*Men’s rights activists, like the real exemplars of humanity that Thomas collected thoughts from here. Thoughts like: “Many women (subconsciously) realize that they bring very little value to the relationship other than sex. It is akin to a wealthy man who lavishes gifts on a girl to get her into bed. Women use their pussy (at least in the initial phase of the relationship) to artificially create a bond (and get the guy to commit)… This is why many women fear male sexual independence, because they realize that other than sex, they can not a mate, because they have no other value.” Also, lots and lots of discussion of “foreign” women, who are presumed to exhibit the proper subservience to men. (Elaborate fantasies where they get everything they think they’re entitled to from women—where they aren’t ever rejected and totally get sandwiches made before they even know they want them—are common with creeps.)
There are probably categories I’m not thinking of, and there’s a lot of overlap between these categories. Some creeps are openly predatory, and some fall more into the “clueless” category. (Though the problem is that men hide behind “clueless” in order to excuse being creepy. When they whine that they Just Don’t Know, and women go out of their way to educate them, the response is going to be a tantrum 99% of the time. They could change, but they don’t want to. But they don’t want to be responsible for being creepy, so instead they just choose cluelessness as a strategy to avoid having to change.) But the thing that holds them all together isn’t that they’re just too honest about their sexual desires; it’s that they have a really heightened sense of entitlement and they put that on women. In fact, some of them aren’t honest about their sexual desires at all, but instead are game players and passive-aggressive creeps, like Nice Guys® who think that trying to wear someone down until she sleeps with you is cool. It’s still exploitation of male privilege used for sexual means, particularly if a Nice Guy® attaches himself to a woman who has been well-trained by the patriarchy not to establish firm boundaries. (Again, see the cartoon above.) The common theme is entitlement, and objectifying women—seeing them strictly in terms of what they can do (or aren’t doing) for you, instead of seeing them as subjective people who have their own motivations that may or may not dovetail with your own.
Which is why I think Clarisse’s ideas, which are good on their own (people should be taken at their word, having non-vanilla desires shouldn’t be used to demonize someone, the point-scoring model of male sexuality has to go), don’t have much to do with creepiness. For instance, Clarisse says this:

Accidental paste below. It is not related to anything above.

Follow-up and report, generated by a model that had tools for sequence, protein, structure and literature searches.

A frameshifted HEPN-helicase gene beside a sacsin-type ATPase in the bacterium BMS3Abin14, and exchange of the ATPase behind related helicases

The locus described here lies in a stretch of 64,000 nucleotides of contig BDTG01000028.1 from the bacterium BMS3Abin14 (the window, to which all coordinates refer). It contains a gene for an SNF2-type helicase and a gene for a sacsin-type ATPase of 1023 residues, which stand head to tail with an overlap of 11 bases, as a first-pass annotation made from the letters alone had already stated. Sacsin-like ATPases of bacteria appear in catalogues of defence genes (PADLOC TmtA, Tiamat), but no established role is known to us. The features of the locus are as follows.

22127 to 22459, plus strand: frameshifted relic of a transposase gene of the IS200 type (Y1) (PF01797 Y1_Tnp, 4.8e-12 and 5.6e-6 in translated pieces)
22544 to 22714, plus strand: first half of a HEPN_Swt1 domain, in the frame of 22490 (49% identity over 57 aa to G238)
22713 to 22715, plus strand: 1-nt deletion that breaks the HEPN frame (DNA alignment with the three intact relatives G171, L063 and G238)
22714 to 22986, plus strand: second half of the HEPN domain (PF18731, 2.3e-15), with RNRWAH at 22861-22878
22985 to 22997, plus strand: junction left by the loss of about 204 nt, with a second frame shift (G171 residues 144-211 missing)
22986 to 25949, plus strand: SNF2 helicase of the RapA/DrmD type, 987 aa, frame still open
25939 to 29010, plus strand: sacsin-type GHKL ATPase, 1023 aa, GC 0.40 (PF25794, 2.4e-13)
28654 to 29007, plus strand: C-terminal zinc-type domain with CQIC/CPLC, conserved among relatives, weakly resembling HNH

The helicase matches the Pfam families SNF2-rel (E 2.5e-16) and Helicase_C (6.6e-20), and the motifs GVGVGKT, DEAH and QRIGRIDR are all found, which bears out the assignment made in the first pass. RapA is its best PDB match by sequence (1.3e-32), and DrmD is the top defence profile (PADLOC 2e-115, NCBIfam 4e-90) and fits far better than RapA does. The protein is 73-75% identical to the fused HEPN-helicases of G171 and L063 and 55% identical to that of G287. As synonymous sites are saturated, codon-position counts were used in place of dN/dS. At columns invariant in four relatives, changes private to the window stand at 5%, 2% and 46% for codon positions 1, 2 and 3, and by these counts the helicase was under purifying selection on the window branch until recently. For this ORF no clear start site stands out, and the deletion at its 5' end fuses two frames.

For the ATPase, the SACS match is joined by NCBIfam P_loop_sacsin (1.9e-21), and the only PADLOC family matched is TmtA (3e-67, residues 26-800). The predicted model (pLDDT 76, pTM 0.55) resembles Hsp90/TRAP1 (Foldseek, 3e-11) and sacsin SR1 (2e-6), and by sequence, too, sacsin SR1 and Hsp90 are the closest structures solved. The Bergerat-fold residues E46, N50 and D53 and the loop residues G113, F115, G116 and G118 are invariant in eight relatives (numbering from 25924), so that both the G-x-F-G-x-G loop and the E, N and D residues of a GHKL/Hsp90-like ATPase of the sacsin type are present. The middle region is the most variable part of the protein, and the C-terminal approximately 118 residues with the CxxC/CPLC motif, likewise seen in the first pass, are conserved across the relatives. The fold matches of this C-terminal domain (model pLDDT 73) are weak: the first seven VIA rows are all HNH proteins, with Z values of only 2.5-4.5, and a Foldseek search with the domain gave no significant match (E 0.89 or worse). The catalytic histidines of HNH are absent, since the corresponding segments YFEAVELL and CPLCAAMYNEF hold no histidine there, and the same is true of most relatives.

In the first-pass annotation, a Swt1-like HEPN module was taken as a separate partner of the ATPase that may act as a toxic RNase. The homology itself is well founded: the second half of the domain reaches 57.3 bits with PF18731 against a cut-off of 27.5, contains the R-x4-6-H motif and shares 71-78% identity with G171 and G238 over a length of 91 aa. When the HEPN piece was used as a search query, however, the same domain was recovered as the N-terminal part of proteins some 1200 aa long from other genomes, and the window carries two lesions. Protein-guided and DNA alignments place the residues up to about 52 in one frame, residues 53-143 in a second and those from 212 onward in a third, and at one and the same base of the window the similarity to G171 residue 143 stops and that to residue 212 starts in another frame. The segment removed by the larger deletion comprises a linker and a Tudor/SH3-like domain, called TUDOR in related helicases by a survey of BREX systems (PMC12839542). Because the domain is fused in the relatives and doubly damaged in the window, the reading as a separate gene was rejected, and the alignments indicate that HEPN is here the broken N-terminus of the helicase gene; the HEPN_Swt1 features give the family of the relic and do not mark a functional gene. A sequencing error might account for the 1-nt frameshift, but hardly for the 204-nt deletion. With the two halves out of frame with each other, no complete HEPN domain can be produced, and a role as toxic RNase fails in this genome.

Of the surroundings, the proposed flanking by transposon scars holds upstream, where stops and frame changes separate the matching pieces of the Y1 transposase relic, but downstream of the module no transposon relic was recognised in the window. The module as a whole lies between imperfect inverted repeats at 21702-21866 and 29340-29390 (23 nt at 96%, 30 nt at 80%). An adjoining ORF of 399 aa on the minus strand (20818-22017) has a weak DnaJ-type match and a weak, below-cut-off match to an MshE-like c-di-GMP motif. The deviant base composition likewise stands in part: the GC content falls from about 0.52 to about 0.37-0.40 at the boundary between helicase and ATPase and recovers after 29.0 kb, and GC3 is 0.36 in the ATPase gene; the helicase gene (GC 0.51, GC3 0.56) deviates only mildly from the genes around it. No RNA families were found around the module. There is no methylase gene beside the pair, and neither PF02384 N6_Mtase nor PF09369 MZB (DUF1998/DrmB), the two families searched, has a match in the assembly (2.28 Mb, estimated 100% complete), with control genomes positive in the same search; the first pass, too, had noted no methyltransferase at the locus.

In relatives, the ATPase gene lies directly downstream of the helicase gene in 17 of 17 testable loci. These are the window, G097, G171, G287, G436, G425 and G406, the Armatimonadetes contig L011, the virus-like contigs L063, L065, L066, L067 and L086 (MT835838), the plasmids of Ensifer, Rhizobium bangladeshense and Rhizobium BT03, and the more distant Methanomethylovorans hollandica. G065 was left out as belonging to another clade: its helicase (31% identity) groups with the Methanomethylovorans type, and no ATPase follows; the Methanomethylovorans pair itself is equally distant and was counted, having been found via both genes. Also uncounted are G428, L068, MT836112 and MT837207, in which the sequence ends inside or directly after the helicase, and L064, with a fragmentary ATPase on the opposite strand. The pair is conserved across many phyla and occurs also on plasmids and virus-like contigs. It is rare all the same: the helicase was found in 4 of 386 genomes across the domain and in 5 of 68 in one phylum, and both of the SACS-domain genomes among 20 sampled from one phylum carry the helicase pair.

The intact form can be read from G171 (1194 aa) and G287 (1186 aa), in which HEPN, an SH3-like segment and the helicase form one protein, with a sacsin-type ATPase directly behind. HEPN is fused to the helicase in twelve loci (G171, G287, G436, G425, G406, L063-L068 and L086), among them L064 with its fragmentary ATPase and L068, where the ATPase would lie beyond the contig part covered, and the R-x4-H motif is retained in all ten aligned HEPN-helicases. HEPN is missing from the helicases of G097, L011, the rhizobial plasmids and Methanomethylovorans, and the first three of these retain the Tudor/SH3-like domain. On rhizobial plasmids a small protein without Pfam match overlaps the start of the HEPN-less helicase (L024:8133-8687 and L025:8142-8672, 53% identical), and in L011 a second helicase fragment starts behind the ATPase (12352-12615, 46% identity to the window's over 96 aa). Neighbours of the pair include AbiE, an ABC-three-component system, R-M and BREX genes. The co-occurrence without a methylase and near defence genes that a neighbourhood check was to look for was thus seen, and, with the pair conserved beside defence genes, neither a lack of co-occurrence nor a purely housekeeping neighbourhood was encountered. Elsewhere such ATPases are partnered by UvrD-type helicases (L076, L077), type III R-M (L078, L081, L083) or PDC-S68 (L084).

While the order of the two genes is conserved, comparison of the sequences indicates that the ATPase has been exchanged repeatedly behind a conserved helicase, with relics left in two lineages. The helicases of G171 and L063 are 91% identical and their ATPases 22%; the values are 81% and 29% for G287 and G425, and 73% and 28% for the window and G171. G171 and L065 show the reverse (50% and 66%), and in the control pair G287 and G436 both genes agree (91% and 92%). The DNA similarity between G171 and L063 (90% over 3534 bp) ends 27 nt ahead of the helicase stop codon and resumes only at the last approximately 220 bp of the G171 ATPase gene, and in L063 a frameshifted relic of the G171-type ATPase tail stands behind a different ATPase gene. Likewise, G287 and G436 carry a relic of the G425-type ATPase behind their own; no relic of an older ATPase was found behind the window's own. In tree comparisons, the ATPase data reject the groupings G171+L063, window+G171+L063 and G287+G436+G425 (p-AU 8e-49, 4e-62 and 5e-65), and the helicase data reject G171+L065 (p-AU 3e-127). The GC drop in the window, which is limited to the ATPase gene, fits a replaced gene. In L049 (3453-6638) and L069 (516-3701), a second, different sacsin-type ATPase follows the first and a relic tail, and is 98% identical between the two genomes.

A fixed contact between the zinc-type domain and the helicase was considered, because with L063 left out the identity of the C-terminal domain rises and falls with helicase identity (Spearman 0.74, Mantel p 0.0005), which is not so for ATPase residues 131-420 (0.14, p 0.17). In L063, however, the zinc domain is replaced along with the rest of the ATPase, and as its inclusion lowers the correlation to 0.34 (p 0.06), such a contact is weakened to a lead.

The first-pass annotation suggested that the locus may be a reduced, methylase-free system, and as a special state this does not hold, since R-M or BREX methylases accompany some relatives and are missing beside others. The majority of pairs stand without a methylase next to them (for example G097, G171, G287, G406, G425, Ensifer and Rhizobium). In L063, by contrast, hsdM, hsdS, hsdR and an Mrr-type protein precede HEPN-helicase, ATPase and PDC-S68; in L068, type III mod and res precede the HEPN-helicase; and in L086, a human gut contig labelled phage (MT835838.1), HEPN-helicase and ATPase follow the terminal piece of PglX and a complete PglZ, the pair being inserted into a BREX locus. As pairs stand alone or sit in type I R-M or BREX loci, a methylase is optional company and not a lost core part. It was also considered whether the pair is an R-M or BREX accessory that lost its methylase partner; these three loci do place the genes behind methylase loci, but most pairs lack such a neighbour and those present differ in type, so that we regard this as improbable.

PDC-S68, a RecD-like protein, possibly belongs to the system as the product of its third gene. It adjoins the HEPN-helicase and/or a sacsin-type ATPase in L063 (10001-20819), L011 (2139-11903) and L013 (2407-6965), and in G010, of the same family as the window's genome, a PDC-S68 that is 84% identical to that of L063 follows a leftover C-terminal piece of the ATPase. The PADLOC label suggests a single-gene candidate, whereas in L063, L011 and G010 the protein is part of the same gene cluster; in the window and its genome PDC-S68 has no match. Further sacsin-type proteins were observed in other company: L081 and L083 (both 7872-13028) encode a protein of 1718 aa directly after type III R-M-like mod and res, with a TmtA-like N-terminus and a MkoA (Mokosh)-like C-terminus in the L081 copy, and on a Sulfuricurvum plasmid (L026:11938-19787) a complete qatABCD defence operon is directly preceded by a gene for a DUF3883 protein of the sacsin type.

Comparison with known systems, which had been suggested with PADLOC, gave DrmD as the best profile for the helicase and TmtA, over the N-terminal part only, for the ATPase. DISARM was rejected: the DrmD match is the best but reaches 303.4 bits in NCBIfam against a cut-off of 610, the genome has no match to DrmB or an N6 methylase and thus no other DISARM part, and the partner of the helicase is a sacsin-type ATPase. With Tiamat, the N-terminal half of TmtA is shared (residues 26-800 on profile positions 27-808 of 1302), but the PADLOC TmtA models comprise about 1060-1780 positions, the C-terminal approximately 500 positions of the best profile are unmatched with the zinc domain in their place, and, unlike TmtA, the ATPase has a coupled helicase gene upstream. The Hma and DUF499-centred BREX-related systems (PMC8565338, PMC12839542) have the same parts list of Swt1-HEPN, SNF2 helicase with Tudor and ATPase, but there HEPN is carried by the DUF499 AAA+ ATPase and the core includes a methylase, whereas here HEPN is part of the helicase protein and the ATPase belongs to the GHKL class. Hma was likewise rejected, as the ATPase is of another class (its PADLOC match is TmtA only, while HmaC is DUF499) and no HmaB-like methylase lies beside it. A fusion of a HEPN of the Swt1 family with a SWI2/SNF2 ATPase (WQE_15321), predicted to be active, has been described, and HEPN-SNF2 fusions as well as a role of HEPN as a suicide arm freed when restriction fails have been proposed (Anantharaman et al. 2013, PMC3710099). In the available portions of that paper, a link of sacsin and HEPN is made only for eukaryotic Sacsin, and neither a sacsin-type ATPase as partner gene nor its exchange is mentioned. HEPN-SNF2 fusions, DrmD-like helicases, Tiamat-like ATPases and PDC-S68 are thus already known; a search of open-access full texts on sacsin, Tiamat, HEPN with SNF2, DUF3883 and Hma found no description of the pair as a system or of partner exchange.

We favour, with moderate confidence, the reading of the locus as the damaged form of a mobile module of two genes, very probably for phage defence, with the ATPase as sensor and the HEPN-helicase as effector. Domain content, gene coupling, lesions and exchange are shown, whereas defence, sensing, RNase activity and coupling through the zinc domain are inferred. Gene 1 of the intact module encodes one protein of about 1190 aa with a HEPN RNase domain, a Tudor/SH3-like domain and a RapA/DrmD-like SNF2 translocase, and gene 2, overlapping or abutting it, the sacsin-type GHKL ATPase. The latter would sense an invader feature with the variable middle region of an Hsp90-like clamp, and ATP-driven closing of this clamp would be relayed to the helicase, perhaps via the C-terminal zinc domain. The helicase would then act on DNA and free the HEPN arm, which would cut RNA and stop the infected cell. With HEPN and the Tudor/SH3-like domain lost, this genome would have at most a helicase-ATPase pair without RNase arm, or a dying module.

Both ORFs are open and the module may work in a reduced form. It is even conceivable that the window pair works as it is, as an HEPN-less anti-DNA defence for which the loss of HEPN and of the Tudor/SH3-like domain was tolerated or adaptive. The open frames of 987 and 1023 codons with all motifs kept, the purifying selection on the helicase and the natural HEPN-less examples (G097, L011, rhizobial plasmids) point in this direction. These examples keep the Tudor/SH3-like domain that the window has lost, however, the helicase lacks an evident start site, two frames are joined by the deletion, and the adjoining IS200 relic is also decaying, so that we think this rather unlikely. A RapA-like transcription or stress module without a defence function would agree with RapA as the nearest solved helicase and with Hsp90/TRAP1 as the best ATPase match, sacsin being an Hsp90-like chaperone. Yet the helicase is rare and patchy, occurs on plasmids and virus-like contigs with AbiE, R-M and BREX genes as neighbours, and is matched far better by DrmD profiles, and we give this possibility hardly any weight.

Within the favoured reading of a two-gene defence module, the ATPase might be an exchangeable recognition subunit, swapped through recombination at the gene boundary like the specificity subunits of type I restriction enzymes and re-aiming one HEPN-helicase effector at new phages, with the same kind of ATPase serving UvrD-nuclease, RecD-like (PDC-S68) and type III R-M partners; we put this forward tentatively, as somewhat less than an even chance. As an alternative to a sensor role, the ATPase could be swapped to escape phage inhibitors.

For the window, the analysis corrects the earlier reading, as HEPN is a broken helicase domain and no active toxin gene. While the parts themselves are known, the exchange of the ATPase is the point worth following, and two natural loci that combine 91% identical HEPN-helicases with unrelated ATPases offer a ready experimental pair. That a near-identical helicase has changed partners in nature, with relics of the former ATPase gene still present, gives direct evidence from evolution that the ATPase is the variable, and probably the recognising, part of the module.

Of course there are inappropriate ways for men to express their desire, just as there are inappropriate ways for women to express their desire.
But of course, one of the hallmarks of being a creep isn’t that you have desires that you express, but that you do it in inappropriate ways, and that you feel entitled to do so because you’re a man. It’s one thing to see a good-looking woman out in public and think to yourself that she’s hot. Or even, depending on the situation, to flirt with her a little and maybe gauge her interest. It’s quite another to leer at her, keep on making a pass when she goes into “I’m going to be very polite and super quiet and hope he takes a hint” mode, or say inappropriate things like speculating about her sexual interests or dwelling on her looks in some place like a grocery store. Sending signals that her personality is of no matter to you as long as her ass is tight will probably not be welcome. The problem of dudes being creepy way surpasses the problem of women occasionally mislabeling someone as being creepy who was actually respecting boundaries, so I don’t really have a problem with the word “creep”.
By the way, this may have been the most thigh-slappingly hilarious creepy comment from the collection Thomas gathered from the MRA website:
btw, I notice that a lot of females here think the clitoris is what makes a female orgasm. You hear all of this feminist propaganda about how superior the clitoris is to the penis blah blah blah but if that were so than all females would have orgasm every time they had sex. Few do.The females who can orgasm like deep penetration. Feminists like the clit idea because most of them are lesbians but it’s funny because even lesbians resort to dildoes, sometimes double headed ones so the instinct to be penetrated must be deep rooted when even man hating dykes want something in them.
You couldn’t find a better distillation of the assumption that women simply can’t have subjective experiences outside of their usefulness to men as sexual receptacles.